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More than a feeling

April 29, 2010

by Taylor Stephens

She takes picture after picture, but each one looks the same. As she begins to feel frustrated and annoyed, she loses all motivation and confidence in herself completely.

Still unfulfilled with her work, she begrudgingly drags herself to the dim basement of the Visual Arts Center hoping to find a photo she is happy with, but to no avail. Her depression has gotten the better of her, and she decides to avoid turning her assignment in all together.

Brooklyn Bain is a perfectionist, which, as a junior photography major, is key to creating good work, but since she suffers from an acute case of depression and bipolar disorder, being a perfectionist can sometimes be a burden.

Her work regularly takes her to the dimly-lit first floor of the VAC, which houses the dark room and photography lab.

“If there’s nobody there, I don’t want to stay and work because it’s depressing being all alone in there,” Bain said. “It feels like a dungeon.”

This unwillingness to be alone in confined spaces is one of the main contributing factors that cause an unwarranted amount of stress in college students nationwide. Other factors include a large academic demand after leaving high school, preparing and dealing with financial responsibilities and the exposure to new people, ideas and temptations.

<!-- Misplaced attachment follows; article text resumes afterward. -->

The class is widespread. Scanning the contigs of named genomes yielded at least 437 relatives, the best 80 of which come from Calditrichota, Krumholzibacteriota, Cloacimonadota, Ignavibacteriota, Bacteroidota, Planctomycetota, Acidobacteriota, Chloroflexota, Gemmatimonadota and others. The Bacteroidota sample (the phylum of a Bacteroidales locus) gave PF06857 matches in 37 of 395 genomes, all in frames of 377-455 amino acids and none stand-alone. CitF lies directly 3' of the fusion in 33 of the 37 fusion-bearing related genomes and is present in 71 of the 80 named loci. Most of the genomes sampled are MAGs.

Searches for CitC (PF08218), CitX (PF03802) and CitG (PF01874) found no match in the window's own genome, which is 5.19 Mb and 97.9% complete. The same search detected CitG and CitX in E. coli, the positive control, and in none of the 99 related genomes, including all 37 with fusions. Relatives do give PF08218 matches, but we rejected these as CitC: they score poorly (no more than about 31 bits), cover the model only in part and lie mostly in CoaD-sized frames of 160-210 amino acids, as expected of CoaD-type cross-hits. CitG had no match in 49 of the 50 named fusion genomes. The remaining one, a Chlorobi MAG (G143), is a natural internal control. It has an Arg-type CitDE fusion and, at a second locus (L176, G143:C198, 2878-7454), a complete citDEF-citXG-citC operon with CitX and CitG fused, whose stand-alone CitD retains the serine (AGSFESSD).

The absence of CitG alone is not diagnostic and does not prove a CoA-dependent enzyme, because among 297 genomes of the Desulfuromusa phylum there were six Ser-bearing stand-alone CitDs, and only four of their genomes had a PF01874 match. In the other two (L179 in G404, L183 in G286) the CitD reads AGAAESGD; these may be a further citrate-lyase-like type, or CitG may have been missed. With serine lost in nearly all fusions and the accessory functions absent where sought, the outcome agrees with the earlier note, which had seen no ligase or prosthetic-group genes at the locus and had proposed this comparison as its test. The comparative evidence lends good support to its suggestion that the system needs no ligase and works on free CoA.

Bain suffers from a common problem among college-aged students in America: cyclothymia.
Cyclothymia, unlike most depression and bipolar disorders, is not as noticeable to the naked eye. People who suffer from cyclothymia are almost always fully functional in society and sometimes display a sense of hyper-activity.

However, Bain is not alone. This type of acute depression and bipolar disorder is prevalent in nearly 121 million people worldwide, according to the World Health Organization, and touches nearly 15 percent of college students, according to the University of Michigan Health System.

After being put on a trial basis with an SSRI, which is a Selective Serotonin Reuptake Inhibitor, Bain now takes a dime-sized pill that allows her brain to put out enough serotonin, which is a neurotransmitter that helps pass nerve impulses from one nerve cell to the next, to allow her to stay balanced since chemical reactions in her brain prevent a large amount of serotonin to
flow.

Serotonin can be considered a “happy” hormone because it has a large influence over a person’s well-being. It also helps to regulate moods, temper, anxiety and relieve depression. It also plays an important role in regulating such things as aggression, appetite and sexuality. Serotonin has also been labeled as nature’s sleep aid.

According to Joseph Carver, a clinical psychologist whose blogs have helped many seek the help they need, low serotonin can result in chronic fatigue, sleep disturbance, appetite disturbance, social withdrawal, emotional sadness, low self-esteem and confidence and a loss of personality. He also said in his blog that low serotonin can be a genetic chemical imbalance received from mothers and fathers.

Bain and her three sisters can attest to that, since each of them suffers from some form of depression, though none as prevalent as their mother.